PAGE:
No, laboratory testing has been carried out using various configurations of body-worn equipment using a body phantom. The results have demonstrated that exposure remains within occupational ICNIRP guidelines wherever the equipment is worn. There is no cumulative RF exposure effect from longer transmissions.
Will the use of ElectroDOT on TETRA terminals help mitigate the impact of radio frequency emissions on users?
From time to time a number of different products come onto the market making various claims about providing protection against radio-frequency or electrical emissions.
All the terminals and equipment manufactured and supplied by members of the TETRA Health Group comply with international guidelines that are fully supported by robust and rigorous scientific research and endorsed by the World Health Organisation (WHO). The members of the group do not therefore endorse the use of ElectroDOT or similar products.
ElectroDOT claims to combat ‘electro-pollution’ by adjusting the ‘vibes’ or emissions from electrical equipment. To the best of our knowledge there has been no independent scientific or health study to review these claims. Expert advice suggests that the alleged health effects that the product seeks to negate are not recognised by science and that the way the device operates does not seem to be based on the laws of physics.
What are the risks when using TETRA terminals at petrol stations?
- The risk is very low, but unless operationally vital it is good practice to switch off equipment, as is suggested for mobile phone users, or to put it into transmit inhibit mode before entering the petrol station (or other potentially explosive environment).
- It is the responsibility of site owners (petrol companies) and employers (of those using TETRA terminals) to make a risk assessment and establish a policy.
- For a vehicle-mounted terminal it should be possible to perform a risk assessment based on the position of the antenna mounting; for hand-held terminals the position is more variable.
- If an organisation undertakes regular operations within a petrol station environment or similar, consideration could be given to the use of intrinsically safe terminal equipment.
Are there any issues arising from using copy or cloned batteries?
Safety and operational issues have been identified with some batteries that have been copied (cloned) from those supplied by radio manufacturers. Users need to be aware of these issues so that they can make informed decisions. Examples of specific issues found by manufacturers when evaluating copy/cloned batteries include incorrect charge data, inadequate internal fusing, drop test failure and a reduced number of charging cycles resulting in reduced battery life. More information may be found in the associated pdf note – click here.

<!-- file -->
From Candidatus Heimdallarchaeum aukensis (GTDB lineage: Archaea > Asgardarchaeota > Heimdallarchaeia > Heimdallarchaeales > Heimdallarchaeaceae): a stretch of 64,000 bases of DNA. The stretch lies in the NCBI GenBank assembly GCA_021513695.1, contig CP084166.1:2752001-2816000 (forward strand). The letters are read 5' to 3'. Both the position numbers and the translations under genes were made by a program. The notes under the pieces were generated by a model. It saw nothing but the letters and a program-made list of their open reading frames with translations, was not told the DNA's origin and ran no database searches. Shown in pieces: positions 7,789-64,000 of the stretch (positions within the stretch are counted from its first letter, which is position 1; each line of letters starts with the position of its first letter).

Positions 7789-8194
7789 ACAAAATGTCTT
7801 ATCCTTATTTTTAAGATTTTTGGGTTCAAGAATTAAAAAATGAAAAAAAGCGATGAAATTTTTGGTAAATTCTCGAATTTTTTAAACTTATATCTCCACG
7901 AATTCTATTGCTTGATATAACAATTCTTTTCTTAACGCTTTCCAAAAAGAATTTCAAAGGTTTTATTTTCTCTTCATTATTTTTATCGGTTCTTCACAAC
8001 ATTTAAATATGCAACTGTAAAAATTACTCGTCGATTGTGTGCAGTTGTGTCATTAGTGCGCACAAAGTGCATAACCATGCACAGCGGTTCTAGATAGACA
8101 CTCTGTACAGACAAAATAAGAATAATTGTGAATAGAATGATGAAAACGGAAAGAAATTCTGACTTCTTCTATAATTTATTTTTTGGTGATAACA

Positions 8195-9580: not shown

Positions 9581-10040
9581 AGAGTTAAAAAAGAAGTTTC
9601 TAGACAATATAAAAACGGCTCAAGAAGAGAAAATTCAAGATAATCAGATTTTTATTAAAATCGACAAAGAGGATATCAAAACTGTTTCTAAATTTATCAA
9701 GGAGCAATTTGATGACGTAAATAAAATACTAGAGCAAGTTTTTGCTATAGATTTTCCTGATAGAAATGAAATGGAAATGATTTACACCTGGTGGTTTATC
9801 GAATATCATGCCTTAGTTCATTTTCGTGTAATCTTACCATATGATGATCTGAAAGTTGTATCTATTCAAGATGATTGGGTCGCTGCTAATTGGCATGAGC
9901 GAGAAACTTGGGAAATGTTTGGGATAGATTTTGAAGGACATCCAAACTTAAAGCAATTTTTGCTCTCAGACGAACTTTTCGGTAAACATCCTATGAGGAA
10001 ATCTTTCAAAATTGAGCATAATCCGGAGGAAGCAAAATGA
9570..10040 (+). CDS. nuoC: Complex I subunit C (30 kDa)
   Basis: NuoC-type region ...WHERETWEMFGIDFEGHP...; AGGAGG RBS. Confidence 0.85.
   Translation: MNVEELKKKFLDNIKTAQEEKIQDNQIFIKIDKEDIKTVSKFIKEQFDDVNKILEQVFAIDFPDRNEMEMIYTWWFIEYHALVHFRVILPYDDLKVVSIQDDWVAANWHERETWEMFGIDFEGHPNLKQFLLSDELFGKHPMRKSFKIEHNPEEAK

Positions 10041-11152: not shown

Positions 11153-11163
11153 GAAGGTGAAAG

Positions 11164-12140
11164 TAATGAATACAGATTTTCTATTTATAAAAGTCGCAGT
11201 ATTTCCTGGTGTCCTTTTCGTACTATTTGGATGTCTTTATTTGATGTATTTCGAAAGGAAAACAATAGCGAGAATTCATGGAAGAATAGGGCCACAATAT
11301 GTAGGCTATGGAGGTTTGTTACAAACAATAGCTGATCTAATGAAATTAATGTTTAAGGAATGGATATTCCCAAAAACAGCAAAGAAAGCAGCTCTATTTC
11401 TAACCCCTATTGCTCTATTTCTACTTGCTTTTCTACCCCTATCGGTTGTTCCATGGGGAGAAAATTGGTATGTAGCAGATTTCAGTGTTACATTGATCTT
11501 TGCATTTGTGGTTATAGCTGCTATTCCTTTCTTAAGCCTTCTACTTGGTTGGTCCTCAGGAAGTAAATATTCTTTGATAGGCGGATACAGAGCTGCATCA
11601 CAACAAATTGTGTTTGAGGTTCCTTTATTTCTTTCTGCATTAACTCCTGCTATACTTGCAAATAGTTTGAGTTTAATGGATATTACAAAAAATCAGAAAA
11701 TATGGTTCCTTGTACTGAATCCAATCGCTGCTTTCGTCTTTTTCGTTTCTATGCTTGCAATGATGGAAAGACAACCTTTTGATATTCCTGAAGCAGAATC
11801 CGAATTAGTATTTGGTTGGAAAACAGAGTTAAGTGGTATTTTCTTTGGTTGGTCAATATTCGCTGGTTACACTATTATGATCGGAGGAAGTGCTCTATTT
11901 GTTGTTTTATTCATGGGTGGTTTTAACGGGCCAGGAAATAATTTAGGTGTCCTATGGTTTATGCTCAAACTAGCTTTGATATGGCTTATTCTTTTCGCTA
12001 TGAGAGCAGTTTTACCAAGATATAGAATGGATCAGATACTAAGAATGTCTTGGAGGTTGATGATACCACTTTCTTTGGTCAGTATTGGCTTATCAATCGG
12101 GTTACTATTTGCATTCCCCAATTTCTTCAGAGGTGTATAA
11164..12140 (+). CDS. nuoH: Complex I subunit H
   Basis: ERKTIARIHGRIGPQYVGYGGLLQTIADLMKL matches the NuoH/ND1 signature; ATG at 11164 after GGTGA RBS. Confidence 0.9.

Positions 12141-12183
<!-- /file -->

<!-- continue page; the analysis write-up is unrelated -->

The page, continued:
An article in the Irish Times on Tuesday 31 March 2015 suggested that the Association of Garda Sergeants and Inspectors, and individual Garda staff, had questioned the safety of TETRA hand-held terminals, in particular, is there an additive effect when used inside a vehicle or within a police station?
There is a wealth of peer-reviewed research concerning the radio-frequency emissions from handsets and whether this poses any health risk, and about whether using a handset or multiple handsets within a vehicle increases the exposure and hence the risk. Examples of the research available include studies which measure the radio-frequency emissions from handsets and compare them with international guidelines which measure the emissions from aerials used on cars and motor-cycles, and those from using multiple handsets within a vehicle.
The results of all these studies suggest that there is very little cause for concern. No additive effects have been found.
Dr Phil Chadwick has researched the effects of using TETRA terminals in vehicles and his full report can be found here (opens in new window). A presentation given by Dr Chadwick at a THG seminar in 2007 can be found here (opens in a new window).
What are the implications of the Control of Electromagnetic Fields at Work Regulations 2016 (“the CEMFAW Regulations”)?
Employers have a duty to take reasonable steps to prevent harm in the workplace and this duty includes considering any risks arising from exposure to electromagnetic fields (EMFs).
Employers’ duties under the CEMFAW Regulations, which came into force on 1st July 2016, are explained in a guide issued by the Health and Safety Executive (HSG281). This guide may be viewed here and the Regulations themselves, Statutory Instrument 2016 No. 588, may be viewed here.